Study looks to save rattlers from Canadian roads

Tue Aug 12, 2008 11:04am EDT
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By Todd Korol

DINOSAUR PROVINCIAL PARK, Alberta (Reuters) - In this arid river valley in southeastern Alberta, Adam Martinson is trying to find out why rattlesnakes cross the road.

Martinson, a University of Calgary student working on a Masters degree has come to Dinosaur Provincial Park, listed as a United Nations World Heritage site, to study why snakes slither onto -- and too frequently die on -- the asphalt blacktop of the region's roads.

"Road mortality is a significant factor of influencing snake populations around the world," Martinson said. "In southern Alberta it's particularly important because the snakes aren't moving very fast across the roads and there is a huge amount of development."

Snakes are pressured by both oil and gas exploration in the Western Canadian province's semi-desert southeast, but also by residential development in the booming region.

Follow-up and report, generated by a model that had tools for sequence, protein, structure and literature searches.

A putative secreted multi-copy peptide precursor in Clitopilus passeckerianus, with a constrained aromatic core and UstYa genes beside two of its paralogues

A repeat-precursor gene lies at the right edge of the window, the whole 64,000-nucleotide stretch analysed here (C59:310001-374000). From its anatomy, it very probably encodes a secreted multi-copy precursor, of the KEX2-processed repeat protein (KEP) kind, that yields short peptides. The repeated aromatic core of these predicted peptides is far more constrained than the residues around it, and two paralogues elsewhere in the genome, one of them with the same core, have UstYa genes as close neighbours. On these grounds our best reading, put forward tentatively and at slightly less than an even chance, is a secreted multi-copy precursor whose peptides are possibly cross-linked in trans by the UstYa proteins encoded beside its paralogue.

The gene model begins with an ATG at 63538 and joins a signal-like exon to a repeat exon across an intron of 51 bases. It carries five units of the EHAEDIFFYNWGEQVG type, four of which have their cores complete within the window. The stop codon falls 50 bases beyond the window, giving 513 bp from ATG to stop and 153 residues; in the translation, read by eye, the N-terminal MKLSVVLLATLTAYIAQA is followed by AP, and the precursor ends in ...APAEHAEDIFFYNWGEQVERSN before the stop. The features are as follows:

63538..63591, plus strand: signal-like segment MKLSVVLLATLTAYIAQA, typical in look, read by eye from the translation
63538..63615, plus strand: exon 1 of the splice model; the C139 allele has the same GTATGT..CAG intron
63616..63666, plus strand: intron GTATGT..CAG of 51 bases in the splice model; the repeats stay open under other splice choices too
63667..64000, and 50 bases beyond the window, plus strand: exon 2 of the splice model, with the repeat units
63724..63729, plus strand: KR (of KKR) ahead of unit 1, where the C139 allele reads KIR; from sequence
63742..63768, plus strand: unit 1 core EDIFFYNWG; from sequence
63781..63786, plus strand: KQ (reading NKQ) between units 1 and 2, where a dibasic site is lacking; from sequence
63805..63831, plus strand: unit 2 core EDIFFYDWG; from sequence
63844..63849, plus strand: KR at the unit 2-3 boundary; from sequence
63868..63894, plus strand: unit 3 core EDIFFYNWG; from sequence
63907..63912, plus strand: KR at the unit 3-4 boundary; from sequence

For prairie rattlesnakes, considered to be potentially a "species at risk" by the Alberta government, and bull snakes, their nonvenomous cousins, roads are a deadly hazard.

The snakes move onto roads looking for safety, food, mates and the heat absorbed by the asphalt. However, when a vehicle approaches the snakes don't move.

They coil themselves up in a defensive posture and the rattlers shake their tails to warn off the danger.

It's a strategy that has served them well for millions of years but is of little use in fending off a truck.   Continued...

<p>A prairie rattlesnake warns approaching hikers with a rattle of his tail in Dinosaur Provincial Park, Alberta in this picture taken August 7, 2008. REUTERS/Todd Korol</p>